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Chart of the Month – July 2009 – Interruption

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Gaps, disruptions, disconnects, interruptions … all commonplace concepts, but difficult to display visually. The techniques discussed in this article will help you solve that problem and make it easy to illustrate these concepts. The frameworks in series FR049 provide even more options for developing this concept.

Whether you are using PowerPoint 2003 or 2007, you'll be able to create these slides. Let's look at each step:

  1. Begin by creating a background, which in this case is a gray rectangle that extends beyond the slide's left and right borders (see below). The use WordArt to create your text (we've used "Day-to-day business"). Size the WordArt phrase and then duplicate the phrase field several times. Create an evenly spaced row of these phrases and place at the top of the background rectangle. Duplicate the row and offset it below the first row. Duplicate again and offset the third row. Continue to duplicate and offset the rows until you have a pattern that occupies the the full height of the background rectangle. You should, of course, apply colors to the background and WordArt from your template's color palette.

    Notice in the graphic below how the gray background and the rows of WordArt extend beyond the left and right borders of the slide (see FAQ entitled, "How do I create my own background as a picture?" for additional information about creating these save-as-picture graphics).


  2. Select the background and the rows of WordArt and save as picture. We chose to save the example background and rows of WordArt as a jpg. Remember to save it to a place you'll be able to find it on your computer.



  3. Bring the saved-as-picture graphic onto your slide. See below to see what the saved-as-picture graphic looks like when brought into your slide. The right side of the graphic has been cropped so that it fits perfectly on the slide. The left side hasn't been cropped yet, but should be before going to the next step.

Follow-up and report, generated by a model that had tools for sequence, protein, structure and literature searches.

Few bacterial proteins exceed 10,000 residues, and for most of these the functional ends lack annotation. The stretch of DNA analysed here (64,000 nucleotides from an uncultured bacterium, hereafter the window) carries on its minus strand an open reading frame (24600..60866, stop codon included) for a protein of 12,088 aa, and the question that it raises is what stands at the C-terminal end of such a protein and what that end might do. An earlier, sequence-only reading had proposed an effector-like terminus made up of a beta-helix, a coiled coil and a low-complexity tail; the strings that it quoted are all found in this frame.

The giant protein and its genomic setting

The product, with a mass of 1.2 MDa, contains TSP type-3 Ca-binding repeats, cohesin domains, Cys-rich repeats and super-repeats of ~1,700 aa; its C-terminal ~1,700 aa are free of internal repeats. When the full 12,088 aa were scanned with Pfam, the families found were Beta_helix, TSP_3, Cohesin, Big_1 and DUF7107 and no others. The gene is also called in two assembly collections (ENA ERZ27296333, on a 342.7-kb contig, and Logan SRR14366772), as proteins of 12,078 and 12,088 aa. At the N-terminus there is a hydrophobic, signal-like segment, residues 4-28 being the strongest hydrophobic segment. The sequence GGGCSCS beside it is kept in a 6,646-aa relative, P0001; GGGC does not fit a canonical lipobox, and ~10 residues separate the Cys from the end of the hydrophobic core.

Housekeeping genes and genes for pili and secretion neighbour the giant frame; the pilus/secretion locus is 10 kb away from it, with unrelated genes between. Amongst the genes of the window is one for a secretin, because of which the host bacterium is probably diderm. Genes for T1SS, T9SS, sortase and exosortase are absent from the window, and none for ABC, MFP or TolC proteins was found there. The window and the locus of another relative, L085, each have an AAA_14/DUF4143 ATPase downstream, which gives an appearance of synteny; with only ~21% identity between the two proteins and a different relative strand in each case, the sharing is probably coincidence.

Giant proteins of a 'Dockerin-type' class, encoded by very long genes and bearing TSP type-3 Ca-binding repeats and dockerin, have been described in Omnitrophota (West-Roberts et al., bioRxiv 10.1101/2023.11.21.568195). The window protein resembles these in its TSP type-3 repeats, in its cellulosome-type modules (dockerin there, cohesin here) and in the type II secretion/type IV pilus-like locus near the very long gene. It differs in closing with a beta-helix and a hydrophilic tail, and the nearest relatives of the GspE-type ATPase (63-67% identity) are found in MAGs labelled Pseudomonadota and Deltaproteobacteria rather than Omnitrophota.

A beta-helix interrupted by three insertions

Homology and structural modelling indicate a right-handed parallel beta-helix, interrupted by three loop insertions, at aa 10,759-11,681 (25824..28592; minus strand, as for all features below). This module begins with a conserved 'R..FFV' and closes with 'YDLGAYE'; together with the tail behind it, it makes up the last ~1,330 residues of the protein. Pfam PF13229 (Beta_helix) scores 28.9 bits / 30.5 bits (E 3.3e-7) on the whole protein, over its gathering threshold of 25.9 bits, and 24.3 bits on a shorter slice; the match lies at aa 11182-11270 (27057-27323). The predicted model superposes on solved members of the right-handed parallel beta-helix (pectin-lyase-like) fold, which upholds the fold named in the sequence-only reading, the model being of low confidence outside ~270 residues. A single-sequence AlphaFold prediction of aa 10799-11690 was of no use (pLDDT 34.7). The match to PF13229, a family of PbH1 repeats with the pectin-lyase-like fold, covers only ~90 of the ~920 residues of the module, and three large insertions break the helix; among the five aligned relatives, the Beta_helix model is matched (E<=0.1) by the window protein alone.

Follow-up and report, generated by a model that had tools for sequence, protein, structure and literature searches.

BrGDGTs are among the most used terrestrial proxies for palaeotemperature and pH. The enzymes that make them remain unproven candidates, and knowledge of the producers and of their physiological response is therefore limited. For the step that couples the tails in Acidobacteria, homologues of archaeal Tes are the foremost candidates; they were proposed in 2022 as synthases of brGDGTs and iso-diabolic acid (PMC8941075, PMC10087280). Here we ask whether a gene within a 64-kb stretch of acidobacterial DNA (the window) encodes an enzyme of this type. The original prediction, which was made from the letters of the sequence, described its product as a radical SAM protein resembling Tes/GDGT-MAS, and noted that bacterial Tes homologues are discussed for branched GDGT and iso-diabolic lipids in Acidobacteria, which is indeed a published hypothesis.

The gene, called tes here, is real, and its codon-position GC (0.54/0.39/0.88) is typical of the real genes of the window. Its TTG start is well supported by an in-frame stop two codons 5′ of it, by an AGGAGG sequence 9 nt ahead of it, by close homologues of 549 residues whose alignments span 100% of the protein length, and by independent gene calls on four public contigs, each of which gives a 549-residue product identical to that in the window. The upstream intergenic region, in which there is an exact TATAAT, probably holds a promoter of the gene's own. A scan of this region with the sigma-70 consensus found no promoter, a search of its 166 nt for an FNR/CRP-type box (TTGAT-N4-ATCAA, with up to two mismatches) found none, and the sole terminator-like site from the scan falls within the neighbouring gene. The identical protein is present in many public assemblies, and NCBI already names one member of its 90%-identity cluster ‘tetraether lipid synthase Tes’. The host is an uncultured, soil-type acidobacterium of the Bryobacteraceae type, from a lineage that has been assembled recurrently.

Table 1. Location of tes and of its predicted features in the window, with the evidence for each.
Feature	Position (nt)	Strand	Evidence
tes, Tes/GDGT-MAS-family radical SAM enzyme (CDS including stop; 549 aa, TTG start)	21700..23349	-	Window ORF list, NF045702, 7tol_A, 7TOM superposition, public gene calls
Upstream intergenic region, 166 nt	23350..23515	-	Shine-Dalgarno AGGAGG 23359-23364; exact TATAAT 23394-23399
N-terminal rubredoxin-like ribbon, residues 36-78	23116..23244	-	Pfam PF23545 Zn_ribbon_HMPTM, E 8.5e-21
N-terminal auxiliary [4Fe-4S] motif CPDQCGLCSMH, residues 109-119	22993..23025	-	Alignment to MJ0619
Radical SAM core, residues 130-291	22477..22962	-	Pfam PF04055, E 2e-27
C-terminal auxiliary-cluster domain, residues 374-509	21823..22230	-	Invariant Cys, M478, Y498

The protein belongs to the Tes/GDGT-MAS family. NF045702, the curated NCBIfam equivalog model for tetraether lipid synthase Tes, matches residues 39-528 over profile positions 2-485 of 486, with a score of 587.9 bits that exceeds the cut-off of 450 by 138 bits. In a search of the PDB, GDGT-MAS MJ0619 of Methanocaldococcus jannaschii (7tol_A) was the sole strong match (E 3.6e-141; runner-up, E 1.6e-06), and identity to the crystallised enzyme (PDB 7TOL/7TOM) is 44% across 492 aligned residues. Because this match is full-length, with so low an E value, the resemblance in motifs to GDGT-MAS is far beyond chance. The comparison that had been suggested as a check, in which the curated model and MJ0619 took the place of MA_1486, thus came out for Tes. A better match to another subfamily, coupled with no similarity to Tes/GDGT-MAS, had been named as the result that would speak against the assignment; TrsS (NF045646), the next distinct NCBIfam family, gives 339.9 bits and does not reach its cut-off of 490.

4. There are two options for interrupting the graphic.
    1. The first option uses a parallelogram (in "Basic Shapes" menu) over the cropped saved-as-picture graphic to create the interruption. This is the quickest and easiest way to create the interruption. The first picture below shows the active white parallelogram over the saved-as-picture graphic.



      Then you can simply insert a graphic or photograph over the parallelogram. This option works best when the photograph has a white background and/or the graphic you
      use to illustrate the interruption has no background.



    2. The second option is still easy, but has a few more steps. Import a photograph into the parallelogram using the steps in this FAQ. Then place the parallelogram containing the photograph over the save-as-picture photograph. You can see that the parallelogram is active because the handles are visible.

 

You don't need any special frameworks to develop these two types of flow interruptions. The technique for bringing the save-as-picture graphic into the parallelogram is described in this FAQ. Instructions for both PowerPoint 2003 and 2007 are included.

There is another technique you can use to create these slides. This technique involves using the graphics supplied in FR049. See the tutorial for this series for a complete description of how to develop these slides.

These types of slides work perfectly well as a static page, but work even better when animated. View the flash below to see two animated examples.

Series that relate to this tutorial:

FR049 – Force 049 – Interruption

Possible use example

Links to instructions for getting the framework into your presentation

  1. Determine the best file type for your needs
  2. Download the file
  3. Import the framework into your presentation
    1. Importing a PPT file
    2. Importing a EMF or PNG
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